Health is wealth: How millennials are shaping the feed industry
The Covid-19 pandemic has encouraged some consumers of all generations worldwide to take another look at their consumer habits and what they eat. And this is especially true for millennials.
The choices that consumers make when buying food contribute to shaping not only what food we produce but also how we do it.
Over the years, a growing interest in human health and wellbeing have been documented, including more interest in natural, organic and sustainable food products.
Despite all the recent studies on the relationship between Covid-19 and food choices and behavior, the millennials seem to be relatively consistent over the last years. Compared with other generations, millennials seem to be more engaged with food. And this was already seen before the global pandemic started.
The millennials like to pay for quality, healthy and sometimes indulgent food. In other words, millennials are not afraid to pay for what they consider value. Millennials are also often called the wellness generation, because of their interest in human health and wellbeing.
This group of people is considered a highly influential consumer category because of their purchasing power and their interest in everything around food and what it does to them.
Over the last years, Delacon has been commissiong a range of consumer surveys among millennials in Brazil, the United States, and Thailand to learn about their food beliefs and their standpoint regarding meat and the terminology around it.
Results of the latest consumer survey (2020) among millenials in Colombia showed that the majority of Colombian millennials eat fresh food and are careful about what they eat. When buying poultry meat specifically, the most important assets to choose for a specific brand or type are:
- animal welfare
- raised with natural feeds
“More than half of the Colombian millennials say consuming natural food makes them feel healthier.“
Same pattern seen in different regions
These results from Colombia are in line with earlier findings in other regions of the world and shows that millennials care about their food choices, despite the region where they live.
In Brazil, 80% of the millennials find: good animal welfare practices, raised in a sustainable way, raised in ways that reduce environmental impact and raised with no antibiotics ever important when selecting a specific brand of eggs, meat or poultry.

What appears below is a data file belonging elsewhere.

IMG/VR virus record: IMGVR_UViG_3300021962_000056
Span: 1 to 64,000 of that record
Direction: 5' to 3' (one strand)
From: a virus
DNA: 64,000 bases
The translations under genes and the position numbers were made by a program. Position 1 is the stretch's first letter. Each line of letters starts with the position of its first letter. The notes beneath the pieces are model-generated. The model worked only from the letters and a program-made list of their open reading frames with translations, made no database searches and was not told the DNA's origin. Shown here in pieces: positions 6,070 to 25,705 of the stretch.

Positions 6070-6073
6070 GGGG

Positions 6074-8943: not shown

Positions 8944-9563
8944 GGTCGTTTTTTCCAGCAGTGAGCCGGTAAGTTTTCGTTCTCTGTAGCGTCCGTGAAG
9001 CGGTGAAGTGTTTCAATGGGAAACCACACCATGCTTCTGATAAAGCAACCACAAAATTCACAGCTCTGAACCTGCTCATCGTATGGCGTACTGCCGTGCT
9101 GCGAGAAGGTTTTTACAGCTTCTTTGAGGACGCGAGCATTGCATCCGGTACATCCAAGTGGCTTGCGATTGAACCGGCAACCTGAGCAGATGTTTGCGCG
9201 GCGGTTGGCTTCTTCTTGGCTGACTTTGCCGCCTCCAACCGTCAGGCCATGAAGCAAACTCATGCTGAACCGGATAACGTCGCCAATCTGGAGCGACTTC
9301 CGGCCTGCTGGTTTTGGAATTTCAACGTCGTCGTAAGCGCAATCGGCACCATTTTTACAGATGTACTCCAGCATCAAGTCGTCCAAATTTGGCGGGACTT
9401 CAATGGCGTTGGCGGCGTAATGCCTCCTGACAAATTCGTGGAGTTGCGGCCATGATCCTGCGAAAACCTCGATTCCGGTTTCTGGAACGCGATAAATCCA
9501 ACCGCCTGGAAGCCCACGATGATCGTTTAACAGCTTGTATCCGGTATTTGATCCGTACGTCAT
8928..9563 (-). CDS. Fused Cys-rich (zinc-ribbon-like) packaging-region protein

In the US, 9 out of 10 millennial foodies say that knowing their meat or poultry was fed phytogenic ingredients would make a positive impact on their brand choice. The top performing label message tested was: "Fed phytogenic ingredinets to be environmentally friendly."
In Thailand, 9 out of 10 Thai millennial foodies would “choose meat and poultry fed completely natural ingredients, such as phytogenics”and the strongest of the tested phytogenic claim for a brand of chicken or pork meat was “fed a diet that includes phytogenic ingredients which leave no harmful residue.”
Staying connected to consumers
What does these results mean for the way we should raise food-producing animals and what we feed them?
Again, the food choices and demands of the consumer shape our industry and the focus on healthy, green, sustainability seem to be increasing every year, and extra spurred with the outbreak of Covid-19.
Even though the animal nutrition industry is a business to business environment, the connection with the consumer should not be lost.
Millennial surveys are valuable for all businesses that are active in the feed-to-food-chain to meet changing consumer preferences of what animals are fed, how food is produced and how to communicate this in a transparent and clear way to consumers.
Development is one of Karina's main drivers and a true passion, her motto being: Great things never came from comfort zones. At Delacon, she is leading the Organizational Development team, supporting to bring the organization to the next level in various ways.